Douglas Dynamics, Inc. (PLOW) CEO Bob McCormick on Q3 2021 Results - Earnings Call Transcript

Nov. 03, 2021 1:40 AM ETDouglas Dynamics, Inc. (PLOW)
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Douglas Dynamics, Inc. (NYSE:PLOW) Q3 2021 Earnings Conference Call November 2, 2021 10:00 AM ET

Company Participants

Sarah Lauber - Chief Financial Officer

Bob McCormick - President and Chief Executive Officer

Conference Call Participants

Tim Wojs - Baird

Chris McGinnis - Sidoti & Co

Mike Shlisky - D.A. Davidson

Operator

Good day and thank you for standing by. Welcome to the Douglas Dynamics Third Quarter 2021 Earnings Conference Call. [Operator Instructions] I would now like to hand the conference over to your speaker today, Sarah Lauber, CFO.

Sarah Lauber

Thank you. Welcome, everyone and thank you for joining us on today’s call. Before we begin, I’d like to remind you that some of the comments that will be made during this conference call, including answers to your questions, will constitute forward-looking statements. These forward-looking statements are subject to risks that could cause actual results to be materially different. Those risks include, among others, matters that we have described in yesterday’s press release and in our filings with the SEC.

Joining me on the call today is Bob McCormick, our President and Chief Executive Officer. In a moment, Bob will provide an overview of our performance then I will review our financial results and guidance. After that, we will open the call for your questions.

With that, I will hand the call to Bob.

Bob McCormick

Thanks, Sarah, Good morning, everyone. Under the circumstances, we are pleased with our results for the quarter and are especially proud of our year-to-date performance. I am sure our comments today will echo what you have heard from many other companies during this earnings season. Demand trends continue to be strong, macroeconomic supply headwinds have intensified in recent months. On a year-to-date basis, both segments have shown improved performance over last year, with attachments in particular, producing strong results. The well-documented macroeconomic challenges are hindering our ability to effectively address the robust demand we are seeing across our businesses.

First, supply chain disruption and shortages have intensified, particularly as truck OEMs all pulled down their production numbers in recent months. Second, material price inflation continues to impact our margins as these unprecedented increases are outpacing our ability to pass through these costs in a timely fashion, but we are confident we will recapture it over the longer term. And third, the churn and entry-level shop floor positions, has increased in recent quarters and continue to be a challenge. We’ve increased entry-level wages across the board and are starting to see an increase in job applicants recently. We will definitely be feeling the impact of these items well into 2022.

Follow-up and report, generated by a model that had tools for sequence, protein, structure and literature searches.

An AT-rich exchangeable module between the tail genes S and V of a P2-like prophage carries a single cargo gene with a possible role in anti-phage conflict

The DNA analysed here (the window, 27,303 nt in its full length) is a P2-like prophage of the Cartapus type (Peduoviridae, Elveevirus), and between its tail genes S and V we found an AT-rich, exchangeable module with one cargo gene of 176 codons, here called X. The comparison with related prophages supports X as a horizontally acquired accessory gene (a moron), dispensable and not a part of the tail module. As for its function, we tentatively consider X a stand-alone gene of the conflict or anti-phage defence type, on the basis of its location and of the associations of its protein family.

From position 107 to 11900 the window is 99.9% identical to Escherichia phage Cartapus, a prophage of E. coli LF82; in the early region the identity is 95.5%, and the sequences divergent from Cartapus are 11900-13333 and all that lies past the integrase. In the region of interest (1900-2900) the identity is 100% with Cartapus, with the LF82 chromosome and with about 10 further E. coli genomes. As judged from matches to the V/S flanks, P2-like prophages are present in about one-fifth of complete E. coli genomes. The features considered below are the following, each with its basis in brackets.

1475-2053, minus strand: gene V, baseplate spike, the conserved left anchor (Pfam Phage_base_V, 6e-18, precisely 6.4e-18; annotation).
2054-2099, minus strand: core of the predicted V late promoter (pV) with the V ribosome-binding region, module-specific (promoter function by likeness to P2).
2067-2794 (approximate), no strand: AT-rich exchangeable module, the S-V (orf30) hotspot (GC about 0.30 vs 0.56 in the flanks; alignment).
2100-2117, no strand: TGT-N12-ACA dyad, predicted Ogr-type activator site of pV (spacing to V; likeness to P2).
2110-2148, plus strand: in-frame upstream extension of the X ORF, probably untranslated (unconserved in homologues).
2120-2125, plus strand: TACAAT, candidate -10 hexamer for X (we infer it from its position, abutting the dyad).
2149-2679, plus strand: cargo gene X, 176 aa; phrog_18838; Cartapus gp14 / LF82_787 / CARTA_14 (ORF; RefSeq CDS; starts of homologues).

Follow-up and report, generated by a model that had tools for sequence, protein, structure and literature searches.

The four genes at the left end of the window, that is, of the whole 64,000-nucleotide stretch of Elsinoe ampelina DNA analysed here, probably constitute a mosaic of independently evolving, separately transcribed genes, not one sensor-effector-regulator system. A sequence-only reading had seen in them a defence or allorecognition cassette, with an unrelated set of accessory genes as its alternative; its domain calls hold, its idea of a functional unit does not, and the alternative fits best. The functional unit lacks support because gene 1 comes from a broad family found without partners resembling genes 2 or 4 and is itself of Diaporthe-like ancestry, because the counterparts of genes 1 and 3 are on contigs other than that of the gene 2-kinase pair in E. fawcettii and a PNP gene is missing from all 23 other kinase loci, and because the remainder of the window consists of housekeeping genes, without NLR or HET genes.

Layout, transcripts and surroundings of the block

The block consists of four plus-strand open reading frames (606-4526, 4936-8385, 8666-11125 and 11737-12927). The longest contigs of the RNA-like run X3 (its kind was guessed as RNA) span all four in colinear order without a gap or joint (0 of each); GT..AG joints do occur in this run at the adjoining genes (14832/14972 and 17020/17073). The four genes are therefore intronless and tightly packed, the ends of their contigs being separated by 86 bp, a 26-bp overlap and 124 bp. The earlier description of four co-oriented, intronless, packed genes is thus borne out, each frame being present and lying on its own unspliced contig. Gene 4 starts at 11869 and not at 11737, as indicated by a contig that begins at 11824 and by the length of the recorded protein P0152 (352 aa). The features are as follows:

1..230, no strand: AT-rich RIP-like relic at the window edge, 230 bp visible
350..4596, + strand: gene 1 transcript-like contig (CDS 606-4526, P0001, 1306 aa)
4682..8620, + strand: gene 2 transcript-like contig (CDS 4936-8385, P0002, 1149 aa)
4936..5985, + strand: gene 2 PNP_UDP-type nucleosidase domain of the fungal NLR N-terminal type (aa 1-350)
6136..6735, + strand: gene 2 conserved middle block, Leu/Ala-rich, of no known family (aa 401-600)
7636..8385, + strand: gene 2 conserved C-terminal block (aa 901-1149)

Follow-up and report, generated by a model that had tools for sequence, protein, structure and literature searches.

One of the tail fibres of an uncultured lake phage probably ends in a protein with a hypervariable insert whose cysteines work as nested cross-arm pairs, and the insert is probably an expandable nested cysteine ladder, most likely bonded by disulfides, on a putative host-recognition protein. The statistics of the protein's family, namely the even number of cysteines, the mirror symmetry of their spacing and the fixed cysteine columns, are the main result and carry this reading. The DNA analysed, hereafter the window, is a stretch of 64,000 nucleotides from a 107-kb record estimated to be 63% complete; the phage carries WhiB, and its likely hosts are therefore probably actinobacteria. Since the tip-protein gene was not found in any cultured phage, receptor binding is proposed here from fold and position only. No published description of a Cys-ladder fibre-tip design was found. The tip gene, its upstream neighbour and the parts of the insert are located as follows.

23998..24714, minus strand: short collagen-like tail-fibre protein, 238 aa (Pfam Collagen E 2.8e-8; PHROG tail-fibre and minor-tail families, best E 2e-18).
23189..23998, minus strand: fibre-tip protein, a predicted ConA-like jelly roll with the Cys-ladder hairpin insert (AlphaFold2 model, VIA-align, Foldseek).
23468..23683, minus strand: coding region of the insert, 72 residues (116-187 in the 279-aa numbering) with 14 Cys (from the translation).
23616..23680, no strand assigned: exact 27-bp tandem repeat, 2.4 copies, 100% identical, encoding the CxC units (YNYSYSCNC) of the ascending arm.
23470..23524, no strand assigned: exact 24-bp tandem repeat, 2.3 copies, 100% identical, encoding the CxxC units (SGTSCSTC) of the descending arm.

I would like to give a shout-out to our division leadership teams who have been navigating these un-chartered waters. They have done an outstanding job, special recognition to our sourcing teams who have done an amazing job keeping production flowing while strengthening our supplier relationships. And to our HR teams, we’re battling the hiring challenges across the country, yet leading the charge to ensure that we remain the employer of choice in our communities. As these unprecedented headwinds continue, remember that our problem-solving DDMS mindset means we are better equipped to handle these challenges than many companies. And we are continuing to implement short-term cost control measures, including rolling plant shutdowns at certain of our solutions locations. The strong demand outlook in both segments means we are well positioned for long-term success and are focused on factors within our control, while limiting the negative impact of macroeconomic issues wherever we can.

Now let’s look at each segment, beginning with Work Truck Attachments, where we had another strong quarter. Following the unusual third consecutive below-average snow season, we produced $81.4 million of net sales and $14.8 million of adjusted EBITDA for the third quarter. As expected, we did see a shift back towards the historical 55-45 split in preseason shipments between second and third quarter rather than the 50-50 split we saw last year, which was impacted by the pandemic. So that created a tougher comparison for us this year.

Additionally, if it weren’t for labor constraints, we could have shipped more plowers this quarter. Increasing material cost and labor issues impacted margins for the quarter, leading us to implement additional price actions as we entered the fourth quarter. More importantly, we entered the snow season in great shape. Dealer sentiment remains positive. Retail activity over the summer months was strong and dealer inventories are currently at 6-year lows. The resiliency of the attachment business cannot be understated. When you look at it on a year-to-date basis, the attachments team is turning in a fantastic year, even with the economic and weather headwinds.